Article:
PC Gamer|February 2022
HALO INFINITE comes frustratingly close to greatness
Nat Clayton


WHAT IS IT? An open world sequel in the long-running shooter series


DEVELOPER 343 Industries

PUBLISHER Xbox Game Studios

REVIEWED ON RTX 2070 SUPER, Ryzen 5 3600, 16GB RAM



Does an open world work for Halo? Since it’s announcement, that question is one that’s been constantly asked of Halo Infinite. Six years after Halo 5 left the series on a sour note, 343 Industries has dusted off the Master Chief’s armour for a throwback to Bungie’s original – nostalgic for a time when Halo was just a big green man, his blue, holographic girlfriend, and a wide open ring full of possibilities to explore.

What this results in is a game that could be a true return to form for Master Chief – but I’m just not convinced Halo really needed to be an open world.

Let’s make one thing clear though: this is some damn fine Halo. Having played Halo 3 with the lads every weekend for the last year, Infinite comes as a breath of fresh air. Running and gunning in Halo has never felt this good, Master Chief moving with a real heft even as he slides and mantles his way across ancient alien amphitheatres.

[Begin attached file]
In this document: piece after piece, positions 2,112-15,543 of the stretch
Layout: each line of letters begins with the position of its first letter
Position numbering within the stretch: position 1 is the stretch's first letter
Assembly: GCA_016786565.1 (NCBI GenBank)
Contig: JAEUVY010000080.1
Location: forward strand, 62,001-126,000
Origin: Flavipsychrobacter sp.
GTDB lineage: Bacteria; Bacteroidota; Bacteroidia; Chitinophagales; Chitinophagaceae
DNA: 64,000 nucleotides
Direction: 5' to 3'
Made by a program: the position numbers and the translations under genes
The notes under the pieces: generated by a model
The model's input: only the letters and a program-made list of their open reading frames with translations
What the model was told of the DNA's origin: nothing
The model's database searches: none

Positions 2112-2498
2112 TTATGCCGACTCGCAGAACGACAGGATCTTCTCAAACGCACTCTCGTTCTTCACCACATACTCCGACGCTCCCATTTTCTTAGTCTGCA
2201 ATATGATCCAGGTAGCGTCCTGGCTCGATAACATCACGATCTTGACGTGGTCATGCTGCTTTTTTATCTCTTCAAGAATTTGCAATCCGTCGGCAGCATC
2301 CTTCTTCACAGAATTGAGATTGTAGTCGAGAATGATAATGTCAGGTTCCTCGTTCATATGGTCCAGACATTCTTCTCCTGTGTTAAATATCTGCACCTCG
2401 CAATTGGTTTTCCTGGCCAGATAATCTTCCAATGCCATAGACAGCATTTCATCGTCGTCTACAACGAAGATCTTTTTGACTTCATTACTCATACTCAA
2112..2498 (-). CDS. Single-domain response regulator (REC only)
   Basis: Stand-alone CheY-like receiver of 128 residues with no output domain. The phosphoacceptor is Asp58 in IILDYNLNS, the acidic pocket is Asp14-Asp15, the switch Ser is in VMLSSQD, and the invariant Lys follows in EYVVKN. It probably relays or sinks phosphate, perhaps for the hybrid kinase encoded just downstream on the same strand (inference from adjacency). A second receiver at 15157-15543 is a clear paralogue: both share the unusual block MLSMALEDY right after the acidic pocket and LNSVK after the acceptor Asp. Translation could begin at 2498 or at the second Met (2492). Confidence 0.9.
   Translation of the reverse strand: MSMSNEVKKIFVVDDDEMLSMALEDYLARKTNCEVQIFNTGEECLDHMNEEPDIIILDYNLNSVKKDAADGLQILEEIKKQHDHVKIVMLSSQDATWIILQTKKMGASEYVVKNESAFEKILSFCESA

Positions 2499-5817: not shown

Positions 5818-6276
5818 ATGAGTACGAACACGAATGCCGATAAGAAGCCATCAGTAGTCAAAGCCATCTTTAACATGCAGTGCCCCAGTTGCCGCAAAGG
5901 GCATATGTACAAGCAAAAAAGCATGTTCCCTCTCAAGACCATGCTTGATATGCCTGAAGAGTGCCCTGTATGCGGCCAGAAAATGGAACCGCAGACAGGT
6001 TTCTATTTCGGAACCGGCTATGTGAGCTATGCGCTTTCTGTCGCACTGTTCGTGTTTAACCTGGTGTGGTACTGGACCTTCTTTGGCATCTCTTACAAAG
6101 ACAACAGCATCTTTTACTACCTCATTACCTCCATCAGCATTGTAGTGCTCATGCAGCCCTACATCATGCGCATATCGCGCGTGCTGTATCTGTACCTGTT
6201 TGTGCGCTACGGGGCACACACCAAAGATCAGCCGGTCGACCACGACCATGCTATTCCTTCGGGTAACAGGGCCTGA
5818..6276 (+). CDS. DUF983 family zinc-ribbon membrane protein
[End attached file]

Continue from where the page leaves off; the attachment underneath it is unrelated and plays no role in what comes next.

Halo Infinite’s multiplayer gave us a taste of this, launching a month ahead of the story proper. But where the game’s arsenal feels a little flat in team slayer, the campaign helps even the flimsiest weapons shine thanks to a menagerie of alien baddies with unique behaviours. Weapon types have never felt more important, especially on harder difficulties (I played through on Heroic), and juggling between bursting shields with plasma, busting skulls with kinetic, and stunning foes with shock weapons becomes crucial. It helps that every weapon feels great, snapping and popping and busting with satisfying sounds.

Infinite’s firefights feel electric, hectic, a constant grab-bag of finding the next best tool (even if that means tossing a nearby plasma barrel at a pack of Grunts). But none of this comes close to the sheer absolute thrill of the grappling hook. Infinite immediately hands you a length of rope with which to fling yourself around Zeta Halo with.

At first you’re pulling yourself out of enemy fire and grappling vehicles, but a few upgrades will turn it into a deadly electric wire that shocks unshielded baddies and lets you slam-dunk entire packs of foes with a tap of the melee button. This comes at the cost of making the rest of the equipment feel a little redundant, mind. Changing equipment on the fly is a hassle and, honestly, you’re always best served with the utility of a simple hooked rope.


That grapple is also essential for exploring Halo Infinite’s open world. Introduced after two more traditionally linear missions, Infinite introduces you to the open-ish plains of Zeta Halo. But while your AI sidekick (more on her later) immediately floods your map screen with icons, don’t be fooled. This isn’t Far Cry: Ringworld – in fact, you’ll find the open world to be surprisingly small.

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